Class has been a large part of British society for generations. Whilst the upper-classes may now be struggling to pay for their stately homes, if they haven’t already sold them off to the National Trust, they’re still living a life full of privilege and opportunity. However, the fragmenting of the landed gentry and degrading of ‘tradition’ seem to have had a rather perilous impact on their psychological health. This is the case in Joe Marcantonio’s Kindred.
Charlotte (Tamara Lawrance) is pregnant. She’s anxious, scared and uncertain. Ben (Edward Holcroft) is delighted about becoming a father but they worry it might derail their plans of moving to Australia. After he dies in a tragic accident, his overbearing mother (Fiona Shaw) insists on taking control. Whilst Charlotte grieves, Margaret and her son-in-law Thomas (Jack Lowden) slowly begin to take over her life.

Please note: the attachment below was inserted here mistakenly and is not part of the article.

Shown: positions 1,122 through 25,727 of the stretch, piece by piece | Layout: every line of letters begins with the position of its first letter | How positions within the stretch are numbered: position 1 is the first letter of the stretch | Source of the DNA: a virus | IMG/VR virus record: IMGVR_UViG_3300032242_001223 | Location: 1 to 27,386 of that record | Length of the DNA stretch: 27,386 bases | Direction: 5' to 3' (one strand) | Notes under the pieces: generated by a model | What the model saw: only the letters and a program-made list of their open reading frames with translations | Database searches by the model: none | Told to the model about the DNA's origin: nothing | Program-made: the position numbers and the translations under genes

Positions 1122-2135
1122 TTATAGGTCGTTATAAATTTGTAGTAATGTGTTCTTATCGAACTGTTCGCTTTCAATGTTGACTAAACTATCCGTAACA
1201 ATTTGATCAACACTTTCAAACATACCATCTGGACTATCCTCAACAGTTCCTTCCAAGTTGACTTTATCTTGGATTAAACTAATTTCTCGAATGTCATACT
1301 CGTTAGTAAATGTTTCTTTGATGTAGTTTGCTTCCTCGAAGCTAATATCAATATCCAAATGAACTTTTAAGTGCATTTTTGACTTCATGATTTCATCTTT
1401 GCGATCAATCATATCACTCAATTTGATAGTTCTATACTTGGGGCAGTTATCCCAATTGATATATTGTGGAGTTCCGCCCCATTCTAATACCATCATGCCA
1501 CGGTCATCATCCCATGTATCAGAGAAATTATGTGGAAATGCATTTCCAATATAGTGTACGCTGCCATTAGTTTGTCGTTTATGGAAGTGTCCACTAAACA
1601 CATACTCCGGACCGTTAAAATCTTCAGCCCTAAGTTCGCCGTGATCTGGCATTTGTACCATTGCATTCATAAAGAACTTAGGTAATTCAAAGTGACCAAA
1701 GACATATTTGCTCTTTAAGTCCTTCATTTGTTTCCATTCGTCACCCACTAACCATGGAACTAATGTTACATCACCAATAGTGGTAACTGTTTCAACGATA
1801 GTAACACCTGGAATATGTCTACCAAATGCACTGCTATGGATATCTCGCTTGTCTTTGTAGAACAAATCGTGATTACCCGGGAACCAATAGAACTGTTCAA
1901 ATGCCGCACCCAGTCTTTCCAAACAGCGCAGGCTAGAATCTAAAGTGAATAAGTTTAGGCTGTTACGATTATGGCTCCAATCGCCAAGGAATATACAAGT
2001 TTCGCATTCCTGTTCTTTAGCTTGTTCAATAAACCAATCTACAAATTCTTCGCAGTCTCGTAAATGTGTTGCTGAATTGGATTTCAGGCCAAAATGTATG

Kindred’s strength lies in its setting and actors. There are some great performances, but it’s Fiona Shaw who steals every scene she’s in. Charlotte’s isolation is amplified by the rural backdrop whilst the writing affords the plot an air of authenticity. It just never really gets going and feels like we’ve seen it all before. That’s not to say that Kindred is not worth your time. It’s just doesn’t offer anything new or deliver on early promise.
Kindred screened at Tallinn Black Nights Film Festival.